"Adventures of Huckleberry Finn"
by Mark Twain

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     Once or twice of a night we would see a steamboat slipping along in the dark, and now and then she would belch a whole world of sparks up out of her chimbleys, and they would rain down in the river and look awful pretty; then she would turn a corner and her lights would wink out and her powwow shut off and leave the river still again; and by and by her waves would get to us, a long time after she was gone, and joggle the raft a bit, and after that you wouldn't hear nothing for you couldn't tell how long, except maybe frogs or something.

     After midnight the people on shore went to bed, and then for two or three hours the shores was black--no more sparks in the cabin windows. These sparks was our clock--the first one that showed again meant morning was coming, so we hunted a place to hide and tie up right away.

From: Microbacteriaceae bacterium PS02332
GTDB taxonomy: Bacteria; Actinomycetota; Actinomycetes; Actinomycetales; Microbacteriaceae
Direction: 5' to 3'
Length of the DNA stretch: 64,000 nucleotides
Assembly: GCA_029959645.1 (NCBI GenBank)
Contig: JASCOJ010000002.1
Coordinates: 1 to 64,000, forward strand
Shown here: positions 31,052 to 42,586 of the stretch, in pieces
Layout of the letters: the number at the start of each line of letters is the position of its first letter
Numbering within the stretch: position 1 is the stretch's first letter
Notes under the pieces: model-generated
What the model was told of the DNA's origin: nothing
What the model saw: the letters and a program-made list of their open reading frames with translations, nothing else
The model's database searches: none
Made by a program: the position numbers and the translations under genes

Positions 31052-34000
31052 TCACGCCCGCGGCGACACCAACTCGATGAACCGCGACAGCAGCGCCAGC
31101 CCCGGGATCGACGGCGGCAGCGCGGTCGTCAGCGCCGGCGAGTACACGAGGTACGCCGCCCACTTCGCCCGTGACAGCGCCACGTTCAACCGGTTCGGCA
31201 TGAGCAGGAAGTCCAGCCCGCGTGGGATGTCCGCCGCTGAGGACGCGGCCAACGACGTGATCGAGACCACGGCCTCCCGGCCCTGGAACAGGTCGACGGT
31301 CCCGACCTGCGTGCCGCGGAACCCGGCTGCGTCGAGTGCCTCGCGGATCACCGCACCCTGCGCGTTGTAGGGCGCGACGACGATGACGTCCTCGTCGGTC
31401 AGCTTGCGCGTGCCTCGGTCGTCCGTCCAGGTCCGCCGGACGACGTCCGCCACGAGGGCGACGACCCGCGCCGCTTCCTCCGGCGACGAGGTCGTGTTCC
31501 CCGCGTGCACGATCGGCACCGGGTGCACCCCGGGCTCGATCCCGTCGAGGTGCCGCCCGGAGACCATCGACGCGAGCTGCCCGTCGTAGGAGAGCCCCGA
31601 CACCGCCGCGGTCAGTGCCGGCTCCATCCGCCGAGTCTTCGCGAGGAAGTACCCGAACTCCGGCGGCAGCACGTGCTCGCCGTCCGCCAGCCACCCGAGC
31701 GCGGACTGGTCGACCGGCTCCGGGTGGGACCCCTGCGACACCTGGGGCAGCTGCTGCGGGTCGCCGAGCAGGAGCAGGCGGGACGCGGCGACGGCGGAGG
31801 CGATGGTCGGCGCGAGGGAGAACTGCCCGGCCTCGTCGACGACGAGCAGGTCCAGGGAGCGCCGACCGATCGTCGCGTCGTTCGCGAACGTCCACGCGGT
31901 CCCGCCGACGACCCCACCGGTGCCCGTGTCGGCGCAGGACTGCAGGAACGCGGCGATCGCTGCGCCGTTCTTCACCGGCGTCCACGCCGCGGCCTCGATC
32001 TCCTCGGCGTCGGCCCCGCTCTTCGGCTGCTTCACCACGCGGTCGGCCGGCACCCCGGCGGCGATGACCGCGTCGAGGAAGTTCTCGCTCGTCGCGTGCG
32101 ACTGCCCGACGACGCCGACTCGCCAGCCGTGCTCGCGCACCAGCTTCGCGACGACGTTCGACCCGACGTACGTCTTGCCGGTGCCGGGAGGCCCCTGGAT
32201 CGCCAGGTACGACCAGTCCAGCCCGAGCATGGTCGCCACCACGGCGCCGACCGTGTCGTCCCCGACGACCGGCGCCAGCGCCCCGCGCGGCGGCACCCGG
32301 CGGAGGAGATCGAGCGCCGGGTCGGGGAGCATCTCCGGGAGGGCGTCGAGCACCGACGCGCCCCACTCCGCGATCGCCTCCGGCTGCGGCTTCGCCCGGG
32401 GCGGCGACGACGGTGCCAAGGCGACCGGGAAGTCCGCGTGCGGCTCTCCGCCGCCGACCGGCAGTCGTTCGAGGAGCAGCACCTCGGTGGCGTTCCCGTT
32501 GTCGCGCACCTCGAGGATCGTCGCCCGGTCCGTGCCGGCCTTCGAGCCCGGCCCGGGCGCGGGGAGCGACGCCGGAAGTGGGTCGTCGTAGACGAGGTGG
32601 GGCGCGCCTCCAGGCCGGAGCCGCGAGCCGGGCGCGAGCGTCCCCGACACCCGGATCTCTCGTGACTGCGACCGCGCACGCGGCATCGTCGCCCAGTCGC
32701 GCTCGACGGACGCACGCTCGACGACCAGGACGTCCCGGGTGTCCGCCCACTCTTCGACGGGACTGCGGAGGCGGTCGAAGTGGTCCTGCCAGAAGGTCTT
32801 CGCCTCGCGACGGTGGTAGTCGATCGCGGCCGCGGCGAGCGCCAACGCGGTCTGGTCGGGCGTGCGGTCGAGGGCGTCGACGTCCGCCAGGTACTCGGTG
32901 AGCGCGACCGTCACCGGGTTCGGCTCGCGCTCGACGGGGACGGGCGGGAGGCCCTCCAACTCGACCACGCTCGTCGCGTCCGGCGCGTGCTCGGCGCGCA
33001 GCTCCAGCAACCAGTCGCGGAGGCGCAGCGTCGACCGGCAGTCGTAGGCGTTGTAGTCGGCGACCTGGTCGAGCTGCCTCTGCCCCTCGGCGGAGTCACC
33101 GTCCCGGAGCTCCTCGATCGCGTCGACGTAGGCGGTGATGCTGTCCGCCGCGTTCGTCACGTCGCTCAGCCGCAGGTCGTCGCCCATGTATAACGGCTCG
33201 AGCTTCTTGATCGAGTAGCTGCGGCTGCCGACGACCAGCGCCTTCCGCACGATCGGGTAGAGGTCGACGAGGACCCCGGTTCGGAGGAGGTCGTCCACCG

One morning about daybreak I found a canoe and crossed over a chute to the main shore--it was only two hundred yards--and paddled about a mile up a crick amongst the cypress woods, to see if I couldn't get some berries. Just as I was passing a place where a kind of a cowpath crossed the crick, here comes a couple of men tearing up the path as tight as they could foot it. I thought I was a goner, for whenever anybody was after anybody I judged it was ME--or maybe Jim. I was about to dig out from there in a hurry, but they was pretty close to me then, and sung out and begged me to save their lives--said they hadn't been doing nothing, and was being chased for it--said there was men and dogs a-coming. They wanted to jump right in, but I says:

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